"After a month or so of using the tool, the attorneys were coming back to us saying, 'If you take this away from me, I'm going to leave because this really freed me up to do the work that I really enjoy doing.'"
This quote by a LawGeex customer speaks volumes about the positive impact of technology in general, and contract review automation in particular, on employee satisfaction and lawyer retention.
Another potential benefit of technology is that once lawyers automate tasks for an extended period, overtime they can start gathering data to help analyze their processes. Leveraging technology can provide lawyers an ability to make data-driven decisions, and in turn an opportunity to be more proactive and better trusted advisors to their clients.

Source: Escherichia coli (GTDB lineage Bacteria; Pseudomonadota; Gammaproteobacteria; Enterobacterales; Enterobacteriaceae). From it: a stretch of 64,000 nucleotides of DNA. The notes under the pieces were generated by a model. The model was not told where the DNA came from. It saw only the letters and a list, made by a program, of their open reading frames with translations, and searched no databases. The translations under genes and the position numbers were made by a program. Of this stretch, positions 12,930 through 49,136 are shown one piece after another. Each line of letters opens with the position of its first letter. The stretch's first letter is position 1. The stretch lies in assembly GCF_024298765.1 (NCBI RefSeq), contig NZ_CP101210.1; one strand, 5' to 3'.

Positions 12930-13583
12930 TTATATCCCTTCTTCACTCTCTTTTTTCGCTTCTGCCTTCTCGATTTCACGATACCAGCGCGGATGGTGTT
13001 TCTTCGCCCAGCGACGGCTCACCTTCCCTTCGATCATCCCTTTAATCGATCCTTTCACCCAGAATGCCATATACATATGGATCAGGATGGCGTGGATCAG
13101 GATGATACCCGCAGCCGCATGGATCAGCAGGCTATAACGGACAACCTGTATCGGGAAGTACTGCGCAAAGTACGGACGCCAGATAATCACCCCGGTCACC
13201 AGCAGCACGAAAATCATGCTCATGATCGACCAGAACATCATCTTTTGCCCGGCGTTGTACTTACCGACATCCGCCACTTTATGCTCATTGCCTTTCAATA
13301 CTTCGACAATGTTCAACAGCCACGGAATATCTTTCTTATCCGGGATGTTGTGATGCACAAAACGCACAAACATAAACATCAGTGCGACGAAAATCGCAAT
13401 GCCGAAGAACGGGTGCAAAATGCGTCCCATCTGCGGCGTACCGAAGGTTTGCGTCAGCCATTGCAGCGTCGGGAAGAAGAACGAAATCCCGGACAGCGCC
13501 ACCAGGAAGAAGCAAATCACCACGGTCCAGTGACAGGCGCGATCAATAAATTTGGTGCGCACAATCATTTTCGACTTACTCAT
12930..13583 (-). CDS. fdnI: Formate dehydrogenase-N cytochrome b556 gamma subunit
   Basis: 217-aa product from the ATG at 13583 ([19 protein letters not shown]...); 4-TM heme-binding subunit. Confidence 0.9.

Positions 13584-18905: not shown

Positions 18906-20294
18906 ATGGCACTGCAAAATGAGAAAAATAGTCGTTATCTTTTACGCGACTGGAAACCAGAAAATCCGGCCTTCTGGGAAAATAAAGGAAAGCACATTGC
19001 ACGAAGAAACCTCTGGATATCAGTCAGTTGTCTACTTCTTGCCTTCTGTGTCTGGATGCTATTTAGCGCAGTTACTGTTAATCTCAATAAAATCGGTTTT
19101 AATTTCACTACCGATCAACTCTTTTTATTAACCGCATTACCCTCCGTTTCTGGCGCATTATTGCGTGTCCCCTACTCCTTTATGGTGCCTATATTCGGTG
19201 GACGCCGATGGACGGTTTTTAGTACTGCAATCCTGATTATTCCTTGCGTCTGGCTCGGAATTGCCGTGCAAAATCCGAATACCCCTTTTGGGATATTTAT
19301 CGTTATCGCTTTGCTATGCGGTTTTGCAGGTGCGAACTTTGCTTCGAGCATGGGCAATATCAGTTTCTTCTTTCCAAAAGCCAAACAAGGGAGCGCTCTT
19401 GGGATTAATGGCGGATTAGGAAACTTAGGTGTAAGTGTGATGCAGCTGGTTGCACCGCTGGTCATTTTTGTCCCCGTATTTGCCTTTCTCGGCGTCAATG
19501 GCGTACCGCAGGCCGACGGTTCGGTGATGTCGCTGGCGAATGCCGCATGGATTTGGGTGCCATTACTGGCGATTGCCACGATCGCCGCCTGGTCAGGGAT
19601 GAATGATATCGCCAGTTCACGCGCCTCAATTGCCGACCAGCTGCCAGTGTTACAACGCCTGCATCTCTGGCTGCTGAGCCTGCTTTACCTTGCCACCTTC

Lawyers are the legal profession’s biggest assets who often face the risk of burnout. Law firms, legal departments, and the legal industry as a whole, can gain tremendously by helping lawyers avoid burnout. By harnessing the power of technology, lawyers can alleviate the burden of completing repetitive tasks, which often results in lawyer dissatisfaction and high turnover rates. Instead, lawyers can focus on the substantial work and enjoy more meaningful legal careers. Invest in your lawyers, and they will set you up for success in return.